Suzy Lamplugh Trust

Suzy Lamplugh Trust

At a glance


  • Campaigning
  • Community safety / victim support / domestic violence
  • Education
  • Young people

Other details

Geographical remit: 
National - Britain


Suzy Lamplugh Trust is a small charity, with significant UK-wide impact. We grew from the tragic disappearance of Suzy Lamplugh, a 25-year-old estate agent, who went missing during a property viewing, never returned, was never found and declared deceased 7 years later in 1993.  Since then, we have been the UK’s founding personal safety charity and leading stalking authority.

We are widely regarded as field experts in lone-working, and personal safety training and policy implementation, and work across all sectors to help reduce the risk of harassment, violence, and aggression to employees in the workplace, as well as across all aspects of their lives. We do this by upskilling employees and employers on how to effectively assess, mitigate and manage risks that can lead to aggressive and violent behaviours in the workplace, leading to potential psychological, emotional and physical harm, as well as fatalities. This is done through conflict de-escalation management.

Parallel to this, the Trust also has a long history of working within the violence against women and girls sector, specialising in stalking, given that it is believed, and indeed the evidence suggests Suzy may have been targeted by a stalker. We run the National Stalking Helpline, which has helped over 36,000 victims since its inception in 2010. Stalking is as pervasive as domestic violence and present in 90% femicides. It is therefore aligned with our core objective to reduce the prevalence of aggression and violence across society.

"A few years ago I attended one of your personal safety courses through my work as a carer. In dealing with how we considered risk the woman talking to us said, "just imagine your parents being told that you have been killed or hurt at work". I sat there putting two and two together, facing up to reality, realising that if I didn't leave my abusive partner it could be my parents getting the news. That sentence gave me the strength to leave, and probably saved my life. Thank you."

Our vision is a society in which people are safer - and feel safer - from violence and aggression; we want people to be able to live life to the full.

Our mission is to reduce the risk of violence and aggression through campaigning, education and support.




Suzy Lamplugh Trust works across the public, private and voluntary sectors through its education and training provision, with courses designed to drive behavioural change, so that common sense in personal safety becomes common practice. Our training helps staff minimise and mitigate risks they face at work, manage incidents when needed, and become more confident in managing their own personal safety.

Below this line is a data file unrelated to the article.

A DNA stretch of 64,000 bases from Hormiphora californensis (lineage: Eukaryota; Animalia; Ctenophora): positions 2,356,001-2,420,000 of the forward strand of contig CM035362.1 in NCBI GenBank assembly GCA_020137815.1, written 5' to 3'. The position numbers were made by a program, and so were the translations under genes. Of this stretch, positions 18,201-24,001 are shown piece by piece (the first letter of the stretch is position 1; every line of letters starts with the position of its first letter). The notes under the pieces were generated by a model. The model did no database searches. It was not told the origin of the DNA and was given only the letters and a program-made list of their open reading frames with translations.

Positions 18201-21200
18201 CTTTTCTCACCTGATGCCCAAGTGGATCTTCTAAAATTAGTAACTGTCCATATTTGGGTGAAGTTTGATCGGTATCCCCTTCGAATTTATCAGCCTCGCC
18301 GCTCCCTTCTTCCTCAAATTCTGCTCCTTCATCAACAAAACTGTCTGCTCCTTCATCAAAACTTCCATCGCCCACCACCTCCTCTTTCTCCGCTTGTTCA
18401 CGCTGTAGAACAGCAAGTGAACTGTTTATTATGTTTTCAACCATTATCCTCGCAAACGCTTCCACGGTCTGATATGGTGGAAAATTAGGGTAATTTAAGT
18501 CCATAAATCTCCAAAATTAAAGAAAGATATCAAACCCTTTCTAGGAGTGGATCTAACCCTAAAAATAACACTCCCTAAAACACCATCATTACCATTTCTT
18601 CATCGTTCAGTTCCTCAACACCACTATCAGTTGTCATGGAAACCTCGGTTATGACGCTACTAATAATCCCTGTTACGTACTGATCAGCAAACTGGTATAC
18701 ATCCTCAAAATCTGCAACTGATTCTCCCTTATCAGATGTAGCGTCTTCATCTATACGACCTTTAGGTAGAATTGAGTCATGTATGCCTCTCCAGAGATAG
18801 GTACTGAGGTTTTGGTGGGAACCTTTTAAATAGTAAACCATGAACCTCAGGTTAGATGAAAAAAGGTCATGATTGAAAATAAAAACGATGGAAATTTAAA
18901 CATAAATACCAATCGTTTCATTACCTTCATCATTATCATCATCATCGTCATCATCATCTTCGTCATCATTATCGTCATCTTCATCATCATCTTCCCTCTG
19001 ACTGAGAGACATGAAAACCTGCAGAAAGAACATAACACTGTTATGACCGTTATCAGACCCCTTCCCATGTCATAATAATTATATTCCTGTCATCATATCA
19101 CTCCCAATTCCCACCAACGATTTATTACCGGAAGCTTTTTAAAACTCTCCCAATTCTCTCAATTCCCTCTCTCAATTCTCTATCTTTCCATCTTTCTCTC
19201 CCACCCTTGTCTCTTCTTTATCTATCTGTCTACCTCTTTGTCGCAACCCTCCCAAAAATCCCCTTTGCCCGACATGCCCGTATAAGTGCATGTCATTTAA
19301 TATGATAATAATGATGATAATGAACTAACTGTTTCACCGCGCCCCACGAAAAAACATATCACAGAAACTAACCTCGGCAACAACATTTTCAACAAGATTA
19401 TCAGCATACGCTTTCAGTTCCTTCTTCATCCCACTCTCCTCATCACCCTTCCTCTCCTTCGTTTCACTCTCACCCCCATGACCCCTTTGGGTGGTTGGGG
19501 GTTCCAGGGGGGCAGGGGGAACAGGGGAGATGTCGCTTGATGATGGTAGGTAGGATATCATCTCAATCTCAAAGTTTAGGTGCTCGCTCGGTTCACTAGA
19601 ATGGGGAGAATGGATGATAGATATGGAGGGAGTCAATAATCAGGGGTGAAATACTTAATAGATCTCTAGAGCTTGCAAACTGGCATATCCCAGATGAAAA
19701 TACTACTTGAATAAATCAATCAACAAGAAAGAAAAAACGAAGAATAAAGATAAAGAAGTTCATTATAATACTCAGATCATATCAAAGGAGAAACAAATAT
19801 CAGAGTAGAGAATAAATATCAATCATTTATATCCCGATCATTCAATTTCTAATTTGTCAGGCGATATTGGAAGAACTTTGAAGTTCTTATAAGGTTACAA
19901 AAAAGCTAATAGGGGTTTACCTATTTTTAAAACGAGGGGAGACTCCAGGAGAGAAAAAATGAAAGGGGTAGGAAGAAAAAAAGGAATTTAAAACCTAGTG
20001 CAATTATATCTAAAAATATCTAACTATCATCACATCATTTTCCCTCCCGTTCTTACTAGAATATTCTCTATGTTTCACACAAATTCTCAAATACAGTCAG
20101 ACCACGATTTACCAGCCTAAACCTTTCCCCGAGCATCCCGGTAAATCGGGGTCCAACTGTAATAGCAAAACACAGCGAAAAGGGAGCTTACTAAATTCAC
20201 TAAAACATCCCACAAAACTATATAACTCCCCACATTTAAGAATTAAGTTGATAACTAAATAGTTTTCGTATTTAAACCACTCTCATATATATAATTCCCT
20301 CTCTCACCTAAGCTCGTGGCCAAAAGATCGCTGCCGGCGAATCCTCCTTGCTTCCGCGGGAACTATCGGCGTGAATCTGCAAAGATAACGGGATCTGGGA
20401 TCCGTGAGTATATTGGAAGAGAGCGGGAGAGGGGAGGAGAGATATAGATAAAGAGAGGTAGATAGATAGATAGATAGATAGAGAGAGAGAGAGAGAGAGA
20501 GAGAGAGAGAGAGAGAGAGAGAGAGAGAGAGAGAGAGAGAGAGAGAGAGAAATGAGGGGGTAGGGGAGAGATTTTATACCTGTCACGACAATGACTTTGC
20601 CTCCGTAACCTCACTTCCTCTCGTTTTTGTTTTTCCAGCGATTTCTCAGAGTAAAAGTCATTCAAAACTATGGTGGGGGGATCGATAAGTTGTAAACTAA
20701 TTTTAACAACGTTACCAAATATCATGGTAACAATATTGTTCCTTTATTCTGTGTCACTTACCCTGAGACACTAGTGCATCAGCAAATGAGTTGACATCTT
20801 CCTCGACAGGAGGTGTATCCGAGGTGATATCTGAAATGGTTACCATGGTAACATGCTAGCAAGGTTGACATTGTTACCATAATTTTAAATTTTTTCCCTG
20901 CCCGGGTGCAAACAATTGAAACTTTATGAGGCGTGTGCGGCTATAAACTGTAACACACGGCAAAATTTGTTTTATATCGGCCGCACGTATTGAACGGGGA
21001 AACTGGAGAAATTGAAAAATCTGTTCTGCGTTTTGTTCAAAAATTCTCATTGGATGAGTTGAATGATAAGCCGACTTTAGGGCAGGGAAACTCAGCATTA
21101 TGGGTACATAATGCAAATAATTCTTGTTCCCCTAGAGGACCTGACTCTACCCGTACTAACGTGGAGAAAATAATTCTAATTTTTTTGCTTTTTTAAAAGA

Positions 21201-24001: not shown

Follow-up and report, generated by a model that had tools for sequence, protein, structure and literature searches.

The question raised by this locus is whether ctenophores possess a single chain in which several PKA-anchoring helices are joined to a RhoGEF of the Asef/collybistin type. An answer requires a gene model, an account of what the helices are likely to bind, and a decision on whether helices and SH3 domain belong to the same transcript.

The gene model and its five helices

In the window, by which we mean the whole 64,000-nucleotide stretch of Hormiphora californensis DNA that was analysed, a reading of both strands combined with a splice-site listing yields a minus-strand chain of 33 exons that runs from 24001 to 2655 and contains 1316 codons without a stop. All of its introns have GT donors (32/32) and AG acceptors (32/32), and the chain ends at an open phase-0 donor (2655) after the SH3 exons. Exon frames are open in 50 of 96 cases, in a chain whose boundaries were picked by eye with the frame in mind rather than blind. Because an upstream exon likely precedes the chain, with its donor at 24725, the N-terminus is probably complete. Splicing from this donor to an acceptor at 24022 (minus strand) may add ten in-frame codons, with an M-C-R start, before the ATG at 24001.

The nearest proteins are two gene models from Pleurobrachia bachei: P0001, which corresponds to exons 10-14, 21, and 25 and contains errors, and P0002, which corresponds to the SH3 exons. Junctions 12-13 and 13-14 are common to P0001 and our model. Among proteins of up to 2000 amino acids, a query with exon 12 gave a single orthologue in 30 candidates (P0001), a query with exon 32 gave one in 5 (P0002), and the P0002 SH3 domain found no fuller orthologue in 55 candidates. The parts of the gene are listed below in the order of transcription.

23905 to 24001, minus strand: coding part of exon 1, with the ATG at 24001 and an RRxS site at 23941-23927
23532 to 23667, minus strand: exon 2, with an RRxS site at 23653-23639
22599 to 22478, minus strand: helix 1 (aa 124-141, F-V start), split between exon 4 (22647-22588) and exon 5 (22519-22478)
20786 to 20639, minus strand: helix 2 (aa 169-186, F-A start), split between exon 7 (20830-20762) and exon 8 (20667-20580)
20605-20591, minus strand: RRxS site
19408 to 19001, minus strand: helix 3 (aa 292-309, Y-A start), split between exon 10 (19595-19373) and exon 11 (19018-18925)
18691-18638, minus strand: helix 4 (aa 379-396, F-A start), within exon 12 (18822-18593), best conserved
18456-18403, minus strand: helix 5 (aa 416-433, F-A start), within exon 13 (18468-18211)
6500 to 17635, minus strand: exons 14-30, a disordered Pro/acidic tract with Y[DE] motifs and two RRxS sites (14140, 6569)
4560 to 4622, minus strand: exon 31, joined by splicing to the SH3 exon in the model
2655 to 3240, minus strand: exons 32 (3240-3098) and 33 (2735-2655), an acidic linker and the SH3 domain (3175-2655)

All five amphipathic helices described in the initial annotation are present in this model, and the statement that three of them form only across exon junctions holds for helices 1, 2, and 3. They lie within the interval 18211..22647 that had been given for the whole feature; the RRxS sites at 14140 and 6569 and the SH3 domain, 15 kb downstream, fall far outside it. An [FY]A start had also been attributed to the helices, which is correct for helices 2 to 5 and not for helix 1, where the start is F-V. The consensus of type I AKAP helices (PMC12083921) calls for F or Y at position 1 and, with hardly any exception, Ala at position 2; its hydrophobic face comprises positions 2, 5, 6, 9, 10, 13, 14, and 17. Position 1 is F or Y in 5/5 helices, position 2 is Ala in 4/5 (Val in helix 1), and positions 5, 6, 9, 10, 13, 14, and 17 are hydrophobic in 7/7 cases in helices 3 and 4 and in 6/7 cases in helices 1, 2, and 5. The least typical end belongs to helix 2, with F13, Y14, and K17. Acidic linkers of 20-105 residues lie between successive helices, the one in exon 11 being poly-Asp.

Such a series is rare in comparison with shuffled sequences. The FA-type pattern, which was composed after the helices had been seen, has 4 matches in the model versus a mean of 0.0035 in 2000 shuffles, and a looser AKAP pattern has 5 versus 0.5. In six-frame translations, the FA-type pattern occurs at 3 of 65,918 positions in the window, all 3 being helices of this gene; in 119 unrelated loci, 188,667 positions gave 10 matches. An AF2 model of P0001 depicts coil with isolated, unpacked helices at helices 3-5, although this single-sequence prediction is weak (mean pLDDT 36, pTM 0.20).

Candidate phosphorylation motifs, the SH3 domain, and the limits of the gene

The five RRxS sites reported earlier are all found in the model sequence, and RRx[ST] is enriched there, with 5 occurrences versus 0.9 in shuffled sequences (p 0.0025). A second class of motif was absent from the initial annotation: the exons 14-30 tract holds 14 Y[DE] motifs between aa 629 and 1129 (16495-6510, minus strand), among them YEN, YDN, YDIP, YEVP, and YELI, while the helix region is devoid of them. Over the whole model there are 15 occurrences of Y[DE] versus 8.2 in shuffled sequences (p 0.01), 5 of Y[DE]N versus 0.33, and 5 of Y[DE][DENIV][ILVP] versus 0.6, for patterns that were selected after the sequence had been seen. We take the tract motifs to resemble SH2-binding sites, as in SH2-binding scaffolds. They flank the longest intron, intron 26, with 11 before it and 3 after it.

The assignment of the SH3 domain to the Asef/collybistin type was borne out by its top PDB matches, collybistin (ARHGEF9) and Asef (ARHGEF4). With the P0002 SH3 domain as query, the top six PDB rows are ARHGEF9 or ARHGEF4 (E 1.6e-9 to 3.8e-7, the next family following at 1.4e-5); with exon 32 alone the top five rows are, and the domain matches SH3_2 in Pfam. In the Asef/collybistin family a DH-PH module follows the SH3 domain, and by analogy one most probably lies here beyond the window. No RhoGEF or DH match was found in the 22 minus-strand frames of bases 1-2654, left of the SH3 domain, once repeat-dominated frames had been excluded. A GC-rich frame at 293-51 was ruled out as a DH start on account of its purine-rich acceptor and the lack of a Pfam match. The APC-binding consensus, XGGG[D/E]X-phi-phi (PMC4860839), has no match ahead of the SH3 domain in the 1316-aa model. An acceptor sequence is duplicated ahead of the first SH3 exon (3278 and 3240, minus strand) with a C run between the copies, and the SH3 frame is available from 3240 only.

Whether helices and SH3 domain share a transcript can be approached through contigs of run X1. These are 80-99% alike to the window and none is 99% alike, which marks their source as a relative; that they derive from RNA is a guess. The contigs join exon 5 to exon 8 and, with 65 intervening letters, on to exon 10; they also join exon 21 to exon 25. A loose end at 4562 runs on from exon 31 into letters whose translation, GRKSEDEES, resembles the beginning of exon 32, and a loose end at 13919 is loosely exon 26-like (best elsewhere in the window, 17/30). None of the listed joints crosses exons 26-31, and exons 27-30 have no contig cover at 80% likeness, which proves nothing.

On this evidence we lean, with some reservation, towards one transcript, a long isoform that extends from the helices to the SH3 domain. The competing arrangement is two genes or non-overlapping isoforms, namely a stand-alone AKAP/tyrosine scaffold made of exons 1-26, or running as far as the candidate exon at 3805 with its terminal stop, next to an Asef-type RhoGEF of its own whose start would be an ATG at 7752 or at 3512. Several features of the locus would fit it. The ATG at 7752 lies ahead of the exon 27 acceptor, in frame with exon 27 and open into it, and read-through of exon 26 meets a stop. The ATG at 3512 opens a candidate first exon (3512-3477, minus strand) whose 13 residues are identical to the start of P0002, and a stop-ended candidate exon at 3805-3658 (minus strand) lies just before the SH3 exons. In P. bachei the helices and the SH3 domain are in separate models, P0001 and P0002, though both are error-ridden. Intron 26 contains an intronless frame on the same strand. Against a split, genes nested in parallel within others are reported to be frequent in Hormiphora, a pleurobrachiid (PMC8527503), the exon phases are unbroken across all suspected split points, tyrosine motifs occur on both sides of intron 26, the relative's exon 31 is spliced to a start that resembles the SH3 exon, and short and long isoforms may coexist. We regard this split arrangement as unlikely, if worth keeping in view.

At Suzy Lamplugh Trust we campaign heavily to raise greater awareness of personal safety and stalking issues, demand systematic change where needed, influence public policy and promote a society in which people are safer and feel safer. Our longest running campaign has been the licensing of the operators and drivers of minicabs and private hire vehicles. It begun back in 1998, because every year hundreds of crimes, including many sexual assaults are linked to illegal and unlicensed minicab drivers. Working in conjunction with many stalking victims and services, the Suzy Lamplugh Trust campaigning and policy work has been pivotal to changes in legislation and practice nationally – including in the introduction of the Protection from Harassment Act 1997, and the Protection of Freedoms Act 2012, which introduced specific offences for stalking, and the new stalking protection orders in January 2020.

Suzy Lamplugh Trust’s National Stalking Helpline is a service that begun in 2010 to provide support, advice and advocacy to victims of stalking, helping them regain control of their lives. It is worth remembering that stalking is a crime that includes, under its overarching umbrella many other crimes, including domestic abuse, sexual violence and homicide. The service has since helped over 36,000 victims through phone and email contact. Paralleled to this and on behalf of victims who are at serious risk of harm, we regularly represent serious cases to local police forces through our advocacy work, driving prompt action when required. 

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